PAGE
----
Earlier this week, guitarist Robert Orr and myself decided to disband our crossover/thrash metal band Nuclear Hatred (formerly Zamboni) of seven years.
For six of those seven we were known as Zamboni, a punk/thrash powerhouse that never took itself too seriously. In that time we released a demo, two EP’s, a live album, and our one and only album. Those were good days. Thanks to the good people at the Meatlocker and some other local bands that we consider to be dear friends of ours, we built up a small scene in the New Jersey area, pulling together some great shows such as Midian’s one and only reunion show, a Cancerslug show that is now known as “The Jersey Massacre” on their YouTube page, and our five “Thrash Bash BBQ” events. If we needed help, another band was there to fill in on drums or help set up and promote a show. Everyone was going to everyone’s shows. Everyone was buying everyone’s merch. All the bands were looking out for each other. It was clear: We weren’t just making music, we were cultivating a community.
Fast forward to 2016. A week after we finally released our debut album (which was heavily promoted through Clawhammer PR and even got the attention of Zero Tolerance magazine and a few South American compilations), the suits came calling. The Frank J. Zamboni Corporation sent us a cease and desist letter telling us we couldn’t use the name Zamboni as it was copyright. While that is probably not true as Zamboni is a very common Italian last name (therefore impossible to copyright, and if it just so happened to be MY last name it would have made even less sense), we didn’t have the money to take them to court (In addition, we had copywritten our demo years back and if there actually WAS a copywright under that name, it would have gotten pinged back and we would have known to change the name on the spot). After pleading with law firms to find a loophole without changing our name and killing our long-overdue momentum, it seems that these ridiculous cases are simply done just to waste money and ruin a person financially at the company’s expense. We had no choice but to change the name in haste to Nuclear Hatred- the first song we ever wrote as Zamboni.
While we liked the name for a song and possibly album title, we hated it as a band name. We also hated the fact that we couldn’t really get booked anywhere unless we rented a place and booked the show ourselves (with one exception as a really wonderful human booking shows out of her parent’s Staten Island basement). Everyone was suddenly playing a very generic form of thrash or another genre and getting the booking we felt we deserved as we had accomplished much more than any of them.
And as for our so-called “community?” After all the help, support, and attempts to really create something over the years, not once did they offer us a slot on a show or ask what they could do to help us regain our lost momentum in our time of need. It was clear to us that there was no unity any longer. Everyone was only in it for themselves at this point and we were “just another band/occasional promoter.” The only times we would ever get any booking-related questions would be if we were booking a show and someone asked to be on it. When it came to even going to shows, there was no longer any excitement. You never felt like anyone in the venue cared nor that anyone playing was really going to make it – especially with the horrid shape that the music industry is in. People only showed up to shows for the headliner, and they “couldn’t afford” a local band’s t-shirt but just so happened to have the money for several overpriced drinks. The NY/NJ scene had died and anyone clinging to the idea that there still is one is a complete denier.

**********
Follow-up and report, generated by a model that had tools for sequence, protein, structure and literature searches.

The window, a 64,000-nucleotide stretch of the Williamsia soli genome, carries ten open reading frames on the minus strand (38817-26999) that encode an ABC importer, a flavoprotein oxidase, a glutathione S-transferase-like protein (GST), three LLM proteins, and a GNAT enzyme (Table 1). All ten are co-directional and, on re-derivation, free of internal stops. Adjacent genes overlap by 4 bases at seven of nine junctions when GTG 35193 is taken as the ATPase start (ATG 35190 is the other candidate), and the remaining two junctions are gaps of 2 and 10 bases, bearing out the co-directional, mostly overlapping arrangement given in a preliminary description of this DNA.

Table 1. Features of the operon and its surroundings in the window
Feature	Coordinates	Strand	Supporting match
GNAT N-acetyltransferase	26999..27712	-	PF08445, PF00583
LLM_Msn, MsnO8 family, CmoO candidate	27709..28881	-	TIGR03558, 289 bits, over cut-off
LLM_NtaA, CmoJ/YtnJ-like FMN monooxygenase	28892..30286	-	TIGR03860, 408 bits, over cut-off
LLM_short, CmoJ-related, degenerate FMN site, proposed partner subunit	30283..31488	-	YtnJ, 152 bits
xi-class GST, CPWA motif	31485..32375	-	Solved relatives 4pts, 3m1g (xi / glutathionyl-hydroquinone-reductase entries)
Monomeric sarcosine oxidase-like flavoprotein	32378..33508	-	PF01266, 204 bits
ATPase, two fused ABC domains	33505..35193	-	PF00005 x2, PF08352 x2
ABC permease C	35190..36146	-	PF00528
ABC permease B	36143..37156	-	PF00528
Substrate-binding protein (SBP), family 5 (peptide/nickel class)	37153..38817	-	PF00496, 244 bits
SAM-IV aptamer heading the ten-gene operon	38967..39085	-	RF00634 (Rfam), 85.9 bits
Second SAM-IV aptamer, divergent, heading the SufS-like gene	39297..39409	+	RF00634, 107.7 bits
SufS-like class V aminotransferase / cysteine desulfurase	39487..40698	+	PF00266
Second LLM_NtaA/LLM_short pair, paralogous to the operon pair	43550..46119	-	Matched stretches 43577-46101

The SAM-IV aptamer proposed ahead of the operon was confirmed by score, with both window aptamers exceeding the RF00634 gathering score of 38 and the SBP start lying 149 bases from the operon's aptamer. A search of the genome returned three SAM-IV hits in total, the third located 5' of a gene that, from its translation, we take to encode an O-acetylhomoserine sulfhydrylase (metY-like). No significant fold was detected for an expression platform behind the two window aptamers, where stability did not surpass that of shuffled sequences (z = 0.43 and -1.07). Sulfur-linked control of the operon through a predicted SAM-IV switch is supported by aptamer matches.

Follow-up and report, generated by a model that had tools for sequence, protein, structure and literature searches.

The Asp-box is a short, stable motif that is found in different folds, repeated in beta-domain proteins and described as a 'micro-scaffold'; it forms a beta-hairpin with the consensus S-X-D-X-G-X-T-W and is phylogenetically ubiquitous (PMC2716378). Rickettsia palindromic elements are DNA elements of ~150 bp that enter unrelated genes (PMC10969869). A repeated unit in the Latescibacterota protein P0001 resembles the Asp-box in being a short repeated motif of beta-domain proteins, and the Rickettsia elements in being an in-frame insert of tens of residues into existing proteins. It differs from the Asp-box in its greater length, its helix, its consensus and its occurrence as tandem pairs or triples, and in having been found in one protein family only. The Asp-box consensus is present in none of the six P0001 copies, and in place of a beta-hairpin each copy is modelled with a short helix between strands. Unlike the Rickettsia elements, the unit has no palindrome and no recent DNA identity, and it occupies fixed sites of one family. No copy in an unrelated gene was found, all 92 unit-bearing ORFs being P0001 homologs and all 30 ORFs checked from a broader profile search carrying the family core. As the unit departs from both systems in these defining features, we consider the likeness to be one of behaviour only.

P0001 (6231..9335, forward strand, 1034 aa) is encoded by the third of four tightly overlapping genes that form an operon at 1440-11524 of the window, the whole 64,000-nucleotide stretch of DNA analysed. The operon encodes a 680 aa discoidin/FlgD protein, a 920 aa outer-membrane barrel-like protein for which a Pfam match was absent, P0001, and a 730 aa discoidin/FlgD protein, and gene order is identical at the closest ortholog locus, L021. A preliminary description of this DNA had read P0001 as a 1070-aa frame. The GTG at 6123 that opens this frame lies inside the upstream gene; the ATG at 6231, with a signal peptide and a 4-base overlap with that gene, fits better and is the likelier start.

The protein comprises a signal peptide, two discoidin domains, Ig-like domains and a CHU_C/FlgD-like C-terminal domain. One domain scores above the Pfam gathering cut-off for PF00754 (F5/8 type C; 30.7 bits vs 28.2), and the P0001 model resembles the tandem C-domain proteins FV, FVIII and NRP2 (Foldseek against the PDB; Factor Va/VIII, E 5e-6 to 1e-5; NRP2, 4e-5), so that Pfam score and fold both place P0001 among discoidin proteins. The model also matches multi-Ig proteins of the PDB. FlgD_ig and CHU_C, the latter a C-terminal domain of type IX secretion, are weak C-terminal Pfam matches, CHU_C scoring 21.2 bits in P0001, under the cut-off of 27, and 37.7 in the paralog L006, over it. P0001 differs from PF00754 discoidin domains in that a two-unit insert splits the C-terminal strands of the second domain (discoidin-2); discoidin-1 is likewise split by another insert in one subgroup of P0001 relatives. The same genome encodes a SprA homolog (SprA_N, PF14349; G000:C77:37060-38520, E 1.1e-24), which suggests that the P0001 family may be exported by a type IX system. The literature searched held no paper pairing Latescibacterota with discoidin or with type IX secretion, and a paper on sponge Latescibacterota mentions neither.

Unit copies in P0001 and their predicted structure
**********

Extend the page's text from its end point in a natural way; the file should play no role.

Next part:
When it came to our writing, even the musical styles were changing, straying further away from crossover and thrash metal in our songwriting. The lyrical content for album two was to be much darker and revenge driven against the machine. We were simply too bitter and burnt out to really focus on our craft. Even routine practices were becoming a chore, happening less and less. We had plans to do some splits and EP’s, but they never materialized and we were given the runaround from people involved.
In January, we played our last show, although we didn’t know it yet (it also was the last SI basement show, oddly enough). Throughout the year we couldn’t squeeze out many practices due to scheduling and sometimes just not really having a drive anymore. Plus, we were listening to lots of other genres of metal and music altogether. I started a love affair with doom metal, gangster rap, and psychadelic rock. I also fell head-over-heels for stand-up comedy, voice acting, painting, podcasting, and the occasional game of Magic: The Gathering. Thrash in a dead scene that could care less about what I was doing seemed like a moot point.
After months of this, Orr and I sat down and had a phone call roughly a week ago. After about 30 seconds into the call, we both had the same idea: stop beating the dead horse and bury it. We both didn’t want to be there anymore. The music wasn’t fun, and the scene and our community were gone. Seven years was a good run, and we were too heartbroken over all of our hard work repeatedly being stabbed in the back to allow any of it to continue. Plus our lives were pulling us in different directions.
While we plan on still being musical for the rest of our lives, we’re not sure where the roads will take us. Until then, thank you for being a part of this journey and I hope to see you in the coming years. Hopefully the scene will sort itself out and there will be a community once again, but for now, there is much work to be done.